11 Jun 2013
The new Department of Environmental Affairs (DEA) head office in Pretoria has received a 6 Star Green Star SA Office Design v1 certification from the Green Building Council of South Africa (GBCSA).
It is the first government building in South Africa to achieve a 6 Star Green Star SA rating, as well as being the first 6 Star rated green building in the City of Tshwane. A further accomplishment was that the project achieved the highest score for a large commercial office space of this magnitude awarded by the GBCSA to date.
GBCSA CEO Brian Wilkinson says the DEA has taken the lead and is demonstrating commitment to market transformation in the built environment in South Africa. "This is an exceptional illustration of the public and the private sector working together to deliver an outstanding example of green building."
Achievement of this rating signifies world leadership in green building and shows dedication to sustainable design by all stakeholders in this sizeable public-private partnership (PPP) project.
Minister Edna Molewa says it is not just another good looking block of offices in town, but a performing green building with targets on energy efficiency, water efficiency and an industry first sophisticated energy consumption mechanism never implemented in any other project in the construction sector. The use of renewable source of energy and first facilities management system encapsulate a rigorous penalty regime (with no precedent in the construction sector) to reward operational efficiency and penalise poor performance.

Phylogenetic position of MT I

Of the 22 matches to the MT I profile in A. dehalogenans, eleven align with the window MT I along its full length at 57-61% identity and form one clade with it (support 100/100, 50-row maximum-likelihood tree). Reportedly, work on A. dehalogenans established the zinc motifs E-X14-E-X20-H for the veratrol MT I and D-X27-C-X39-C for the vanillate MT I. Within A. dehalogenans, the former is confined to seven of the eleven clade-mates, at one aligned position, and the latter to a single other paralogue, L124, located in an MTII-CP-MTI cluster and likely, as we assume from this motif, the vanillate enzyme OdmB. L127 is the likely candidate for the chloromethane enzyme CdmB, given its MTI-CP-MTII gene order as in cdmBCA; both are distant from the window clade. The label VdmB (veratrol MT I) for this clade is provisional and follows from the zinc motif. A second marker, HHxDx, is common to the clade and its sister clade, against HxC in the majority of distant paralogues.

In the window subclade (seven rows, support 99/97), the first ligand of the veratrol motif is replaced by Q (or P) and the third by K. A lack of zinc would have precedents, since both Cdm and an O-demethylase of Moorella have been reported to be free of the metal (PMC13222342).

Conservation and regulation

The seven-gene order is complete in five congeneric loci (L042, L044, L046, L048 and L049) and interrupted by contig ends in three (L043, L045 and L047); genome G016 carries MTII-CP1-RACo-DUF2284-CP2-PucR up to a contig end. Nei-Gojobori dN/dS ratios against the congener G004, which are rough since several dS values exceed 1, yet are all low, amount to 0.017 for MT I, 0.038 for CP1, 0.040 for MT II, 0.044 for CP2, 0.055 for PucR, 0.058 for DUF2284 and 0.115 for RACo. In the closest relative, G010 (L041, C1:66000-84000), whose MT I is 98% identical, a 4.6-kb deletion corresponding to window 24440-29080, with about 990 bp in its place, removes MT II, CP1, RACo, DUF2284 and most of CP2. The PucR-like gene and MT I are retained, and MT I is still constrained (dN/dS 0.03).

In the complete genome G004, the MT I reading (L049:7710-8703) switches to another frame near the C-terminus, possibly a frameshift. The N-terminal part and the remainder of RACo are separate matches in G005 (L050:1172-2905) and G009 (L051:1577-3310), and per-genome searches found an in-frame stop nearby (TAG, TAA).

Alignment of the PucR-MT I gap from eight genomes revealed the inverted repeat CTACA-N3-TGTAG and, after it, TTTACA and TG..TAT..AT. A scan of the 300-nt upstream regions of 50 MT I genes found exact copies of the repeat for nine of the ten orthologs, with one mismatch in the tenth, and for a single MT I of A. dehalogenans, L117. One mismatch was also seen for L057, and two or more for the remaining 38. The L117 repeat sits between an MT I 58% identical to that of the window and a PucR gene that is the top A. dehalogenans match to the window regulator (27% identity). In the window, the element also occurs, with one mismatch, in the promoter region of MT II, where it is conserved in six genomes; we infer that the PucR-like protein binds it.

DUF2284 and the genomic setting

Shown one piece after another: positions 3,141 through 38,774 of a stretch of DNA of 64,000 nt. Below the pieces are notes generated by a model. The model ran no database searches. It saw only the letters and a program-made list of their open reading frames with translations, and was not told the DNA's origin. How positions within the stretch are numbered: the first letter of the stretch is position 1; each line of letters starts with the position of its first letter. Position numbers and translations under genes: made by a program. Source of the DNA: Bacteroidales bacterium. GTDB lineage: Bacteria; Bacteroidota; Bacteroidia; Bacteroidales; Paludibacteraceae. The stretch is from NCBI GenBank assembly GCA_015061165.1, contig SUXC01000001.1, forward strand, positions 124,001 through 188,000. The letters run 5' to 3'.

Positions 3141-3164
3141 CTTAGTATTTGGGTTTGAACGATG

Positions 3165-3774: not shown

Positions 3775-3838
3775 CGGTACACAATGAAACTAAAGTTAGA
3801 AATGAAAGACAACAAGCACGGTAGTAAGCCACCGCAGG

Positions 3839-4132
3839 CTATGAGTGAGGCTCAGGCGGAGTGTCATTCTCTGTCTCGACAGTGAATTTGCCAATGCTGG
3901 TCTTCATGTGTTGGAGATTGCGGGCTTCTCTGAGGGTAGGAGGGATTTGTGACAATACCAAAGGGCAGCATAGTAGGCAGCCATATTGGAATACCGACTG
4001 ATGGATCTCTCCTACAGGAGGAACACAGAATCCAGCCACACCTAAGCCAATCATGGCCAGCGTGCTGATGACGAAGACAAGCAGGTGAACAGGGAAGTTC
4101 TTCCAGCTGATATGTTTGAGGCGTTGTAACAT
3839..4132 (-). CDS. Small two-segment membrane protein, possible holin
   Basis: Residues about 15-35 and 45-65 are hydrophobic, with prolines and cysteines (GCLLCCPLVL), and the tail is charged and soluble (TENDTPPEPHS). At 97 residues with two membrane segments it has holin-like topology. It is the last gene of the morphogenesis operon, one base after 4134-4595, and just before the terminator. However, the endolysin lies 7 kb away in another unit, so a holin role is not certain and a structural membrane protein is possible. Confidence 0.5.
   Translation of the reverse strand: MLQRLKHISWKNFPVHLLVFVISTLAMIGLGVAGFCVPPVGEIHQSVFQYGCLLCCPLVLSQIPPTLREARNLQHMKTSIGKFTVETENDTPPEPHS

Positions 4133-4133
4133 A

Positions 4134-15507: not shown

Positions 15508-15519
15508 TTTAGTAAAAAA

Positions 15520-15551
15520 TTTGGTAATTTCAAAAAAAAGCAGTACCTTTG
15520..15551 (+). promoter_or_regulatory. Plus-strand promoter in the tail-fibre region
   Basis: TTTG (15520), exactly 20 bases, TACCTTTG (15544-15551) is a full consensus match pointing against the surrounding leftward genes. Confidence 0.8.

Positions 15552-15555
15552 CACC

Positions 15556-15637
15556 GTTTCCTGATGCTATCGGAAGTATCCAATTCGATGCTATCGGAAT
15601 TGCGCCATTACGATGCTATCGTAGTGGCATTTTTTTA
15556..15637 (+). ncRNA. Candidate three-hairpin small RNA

The project team has worked together to express the core values of the DEA through sustainable design, resource efficiency, and excellent project execution, says Wilkinson.
A significant benefit of the PPP structure is that contractual obligations for all participants ensures that all cost, timeline and green specifications were outlined and successfully met during design and construction. It also ensures that the building is operated over the next 25 years to ensure that it stays green throughout its lifespan, and achieves the environmental and resource savings envisaged at the outset.
Molewa says they will use this green building to propel the department above the construction industry players, setting a good example for other organisations for the benefit of the environment and future generations.
The Green Star SA ‘design’ rating assesses how ‘green’ the building plan is, with all the green initiatives included. It considers categories including management, indoor environmental quality (IEQ), energy, transport, water, materials, land use and ecology, emissions and innovation.
The building should achieve a minimum 4 Star Green Star SA rating. However, the professional team surpassed this goal by scoring full points in the energy category, as well as being only the second project to achieve five points in the innovation category.
Once construction is complete and the building is occupied, the DEA head office will submit documentation towards receiving an ‘As-built’ Green Star SA rating, which ensures that the original intentions in the design phase were adhered to.
A benefit of green building is that it breaks down the traditional silos of work and encourages teamwork between disciplines to ensure the best outcome.